What Is Asbestosis Exactly?

Asbestosis is a very serious lung disease, and can be fatal. The condition is characterized by scarring of the lungs caused by asbestos fibers. The scarring can range from mild to severe, and may result in complications such as shortness of breath, a persistent cough, weight loss, clubbing of fingers, and chest pain. Having asbestosis also puts an individual at an increased risk of developing lung cancer. Sadly, there is no treatment to reverse the effects of asbestos once the fibers have caused scarring of the lungs and asbestosis. While the disease can be slowed down in terms of progression, and symptoms can be treated, there is no cure. Types of treatment that a patient may pursue range from the use of pain medications to lung transplant surgery to oxygen therapy. The U.S. Centers for Disease Control and Prevention reports that there are hundreds of asbestosis-related deaths every year.


Why is Exposure to Asbestos Bad?

“The most common way for asbestos fibers to enter the body is through breathing. In fact, asbestos containing material is not generally considered to be harmful unless it is releasing dust or fibers into the air where they can be inhaled or ingested. Many of the fibers will become trapped in the mucous membranes of the nose and throat where they can then be removed, but some may pass deep into the lungs, or, if swallowed, into the digestive tract. Once they are trapped in the body, the fibers can cause health problems. Asbestos is most hazardous when it is friable. The term “friable” means that the asbestos is easily crumbled by hand, releasing fibers into the air. Sprayed on asbestos insulation is highly friable. Asbestos floor tile is not” (Oregon State University).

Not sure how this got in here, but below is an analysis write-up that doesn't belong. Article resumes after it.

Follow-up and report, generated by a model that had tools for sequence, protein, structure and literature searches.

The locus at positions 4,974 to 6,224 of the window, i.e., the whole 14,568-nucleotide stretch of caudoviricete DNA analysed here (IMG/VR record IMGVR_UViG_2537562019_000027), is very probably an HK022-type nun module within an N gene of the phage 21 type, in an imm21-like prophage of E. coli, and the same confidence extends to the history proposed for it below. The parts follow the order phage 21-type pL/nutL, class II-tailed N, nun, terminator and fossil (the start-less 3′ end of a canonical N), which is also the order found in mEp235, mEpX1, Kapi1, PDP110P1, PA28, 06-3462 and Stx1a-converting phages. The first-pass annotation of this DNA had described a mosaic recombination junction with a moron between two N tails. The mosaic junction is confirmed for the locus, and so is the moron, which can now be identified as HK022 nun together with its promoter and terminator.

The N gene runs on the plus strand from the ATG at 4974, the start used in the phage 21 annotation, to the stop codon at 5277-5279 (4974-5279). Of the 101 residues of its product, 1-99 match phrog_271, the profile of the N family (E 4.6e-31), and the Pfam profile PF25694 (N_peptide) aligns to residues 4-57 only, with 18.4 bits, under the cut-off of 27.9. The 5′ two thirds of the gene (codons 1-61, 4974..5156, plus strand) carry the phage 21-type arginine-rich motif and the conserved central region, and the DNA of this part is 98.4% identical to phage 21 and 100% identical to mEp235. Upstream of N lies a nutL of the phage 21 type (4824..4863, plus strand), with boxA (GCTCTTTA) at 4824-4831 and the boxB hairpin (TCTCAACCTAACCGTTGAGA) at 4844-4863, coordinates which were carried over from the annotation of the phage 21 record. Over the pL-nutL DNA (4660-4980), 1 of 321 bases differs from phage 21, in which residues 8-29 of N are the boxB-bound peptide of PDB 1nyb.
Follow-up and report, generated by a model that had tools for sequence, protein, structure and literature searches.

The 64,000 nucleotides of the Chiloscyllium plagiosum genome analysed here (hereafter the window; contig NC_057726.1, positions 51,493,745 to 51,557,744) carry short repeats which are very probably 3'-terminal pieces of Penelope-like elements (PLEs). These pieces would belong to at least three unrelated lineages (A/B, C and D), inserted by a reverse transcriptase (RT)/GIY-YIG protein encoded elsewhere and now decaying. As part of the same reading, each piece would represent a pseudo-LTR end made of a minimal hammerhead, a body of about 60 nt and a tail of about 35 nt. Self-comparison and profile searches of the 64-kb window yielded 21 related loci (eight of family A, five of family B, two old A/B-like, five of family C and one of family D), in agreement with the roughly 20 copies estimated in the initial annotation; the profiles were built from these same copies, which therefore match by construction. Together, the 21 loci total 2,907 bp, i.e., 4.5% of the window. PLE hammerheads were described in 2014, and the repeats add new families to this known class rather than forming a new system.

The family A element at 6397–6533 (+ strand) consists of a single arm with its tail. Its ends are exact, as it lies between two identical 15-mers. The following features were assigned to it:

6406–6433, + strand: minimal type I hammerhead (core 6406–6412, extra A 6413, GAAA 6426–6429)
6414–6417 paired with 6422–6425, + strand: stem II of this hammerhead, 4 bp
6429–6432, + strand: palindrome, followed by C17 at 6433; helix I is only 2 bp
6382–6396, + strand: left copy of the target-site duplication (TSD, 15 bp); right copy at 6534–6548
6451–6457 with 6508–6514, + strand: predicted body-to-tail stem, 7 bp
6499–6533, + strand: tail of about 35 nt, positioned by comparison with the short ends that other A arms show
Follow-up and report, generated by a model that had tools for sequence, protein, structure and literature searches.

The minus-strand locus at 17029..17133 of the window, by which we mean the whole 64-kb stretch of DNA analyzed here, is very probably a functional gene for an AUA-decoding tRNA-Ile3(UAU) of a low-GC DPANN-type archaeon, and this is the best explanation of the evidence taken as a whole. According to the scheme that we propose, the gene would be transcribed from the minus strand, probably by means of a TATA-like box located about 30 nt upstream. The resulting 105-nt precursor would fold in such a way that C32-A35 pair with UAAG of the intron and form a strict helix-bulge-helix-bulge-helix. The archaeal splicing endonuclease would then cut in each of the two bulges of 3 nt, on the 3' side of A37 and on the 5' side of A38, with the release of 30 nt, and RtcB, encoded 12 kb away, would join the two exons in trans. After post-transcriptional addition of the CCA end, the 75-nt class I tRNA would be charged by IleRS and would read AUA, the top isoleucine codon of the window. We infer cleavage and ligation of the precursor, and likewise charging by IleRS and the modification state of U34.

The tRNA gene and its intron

Are There Different Types of Asbestos?

According to the American Cancer Society, asbestos is still a major concern in regards to the health risks that come from long time exposure to the materials. According to their website- Asbestos is a group of minerals that occur naturally as bundles of fibers. These fibers are found in soil and rocks in many parts of the world. They are made mainly of silicon and oxygen, but they also contain other elements. There are 2 main types of asbestos:

  • Chrysotile asbestos, also known as white asbestos, is the most common type of asbestos in industrial applications. When looked at under the microscope, chrysotile asbestos fibers wrap around themselves in a spiral, which is why this form of asbestos is also called serpentine or curly asbestos.
  • Amphibole asbestos fibers are straight and needle-like. There are several types of amphibole fibers, including amosite (brown asbestos), crocidolite (blue asbestos), tremolite, actinolite, and anthophyllite.

How Does Asbestos Get Into the Air in the First Place?

“Asbestos-containing ceiling tiles, floor tiles, undamaged laboratory cabinet tops, shingles, fire doors, siding shingles, etc. will not release asbestos fibers unless they are disturbed or damaged in some way. If an asbestos ceiling tile is drilled or broken, for example, it may release fibers into the air. If it is left alone and not disturbed, it will not” (OSU).  Our law firm has decade of experience fighting for our clients in a range of personal injury lawsuits related to exposure to asbestos. Many have been connected in some way to asbestos exposure or the development of mesothelioma or other health condition due to their exposure. So, call us today and let us review your case and help you fight for the compensation you deserve!


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